The standard price is 99.95 for the service and .99c per ounce of freon that the vehicle is low on for R134A systems. If you have a newer system with R1234yf then the cost of refrigerant is 5.50 per ounce.
Yes. The air coming out of your vents may be cold enough to keep you happy, but it doesn't mean that your system is charged to specification. It may be as much as 20 percent low and still make reasonably cold air. If you wait until it stops cooling, you increase the chance of additional damage.
A normal A/C Service takes 1-2 hours depending on the type of system.
No. When we service a car air conditioner, we evacuate all refrigerant, and perform a vacuum leak test. We then reuse that refrigerant plus the amount needed for a full charge and add dye to the system so we can detect any leaks going forward. You pay only for the additional amount of refrigerant needed.
This can cause damage to your system since you have no idea of knowing how much refrigerant was in your system when you started. Overcharging can cause issues with the system due to higher pressures that can damage your compressor and condenser because of this, leading to an expensive repair down the road.
R134a and R1234yf are similar, however, R1234yf was created as a more environmentally friendly replacement to R134a. The biggest difference between the two, is that R1234yf is mildly flammable and does require special handling.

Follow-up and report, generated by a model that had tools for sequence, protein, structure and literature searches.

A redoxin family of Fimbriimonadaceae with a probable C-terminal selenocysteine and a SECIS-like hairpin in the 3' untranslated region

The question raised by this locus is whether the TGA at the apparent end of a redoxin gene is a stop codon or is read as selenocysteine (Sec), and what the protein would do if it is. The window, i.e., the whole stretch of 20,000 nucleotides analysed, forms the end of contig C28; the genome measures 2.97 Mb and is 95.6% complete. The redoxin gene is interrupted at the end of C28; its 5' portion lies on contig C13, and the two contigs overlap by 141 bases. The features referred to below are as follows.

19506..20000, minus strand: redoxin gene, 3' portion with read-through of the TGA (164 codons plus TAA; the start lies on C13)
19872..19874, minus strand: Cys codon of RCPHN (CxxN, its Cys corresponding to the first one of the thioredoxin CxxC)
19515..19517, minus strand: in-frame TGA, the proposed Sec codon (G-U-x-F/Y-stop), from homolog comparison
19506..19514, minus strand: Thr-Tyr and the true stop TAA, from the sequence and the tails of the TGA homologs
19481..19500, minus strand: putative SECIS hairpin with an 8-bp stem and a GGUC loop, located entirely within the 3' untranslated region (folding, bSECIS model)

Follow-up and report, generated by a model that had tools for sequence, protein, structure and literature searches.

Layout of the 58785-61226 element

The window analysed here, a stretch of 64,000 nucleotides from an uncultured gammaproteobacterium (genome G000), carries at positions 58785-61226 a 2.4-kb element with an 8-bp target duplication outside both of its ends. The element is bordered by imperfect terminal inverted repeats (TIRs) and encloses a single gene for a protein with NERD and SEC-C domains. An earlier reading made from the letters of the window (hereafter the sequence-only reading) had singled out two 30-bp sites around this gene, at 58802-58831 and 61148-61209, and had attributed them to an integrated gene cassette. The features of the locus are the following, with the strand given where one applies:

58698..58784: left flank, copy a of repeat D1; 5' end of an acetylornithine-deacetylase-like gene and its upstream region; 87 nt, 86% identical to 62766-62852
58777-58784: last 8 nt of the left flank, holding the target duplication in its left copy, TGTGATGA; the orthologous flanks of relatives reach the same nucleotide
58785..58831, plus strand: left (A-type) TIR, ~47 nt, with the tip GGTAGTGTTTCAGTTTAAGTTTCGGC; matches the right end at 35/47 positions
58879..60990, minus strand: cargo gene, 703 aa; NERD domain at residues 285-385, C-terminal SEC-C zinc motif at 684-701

The short answer is no, as R12 is no longer available. What we can do is retro-fit your older system to use the newer R134a refrigerant so that you can service it as needed going forward.
You could possibly have a slow leak that wasn't showing up on the initial service. Or possibly a part failed that was working normally prior. Let the shop know you just had it serviced and it isn't working again. Most shops will take care of you.
You may have a low charge or bad actuator or door issue. Make an appointment with a certified A/C facility to have it looked at.
It can last for years. Of course a failure of a seal, hose or hard part can cut that down significantly.
A short answer is inside the condenser has flowing superheated refrigerant brought to scalding temperature due to the heat of compression. The condenser will need moving air to transfer heat away from it and into the air outside. During idle, the condenser depends on the external A/C fan to pass air across the fins to provide the cooling. It is normal for the temperature to increase some but if it increases significantly there may be an issue.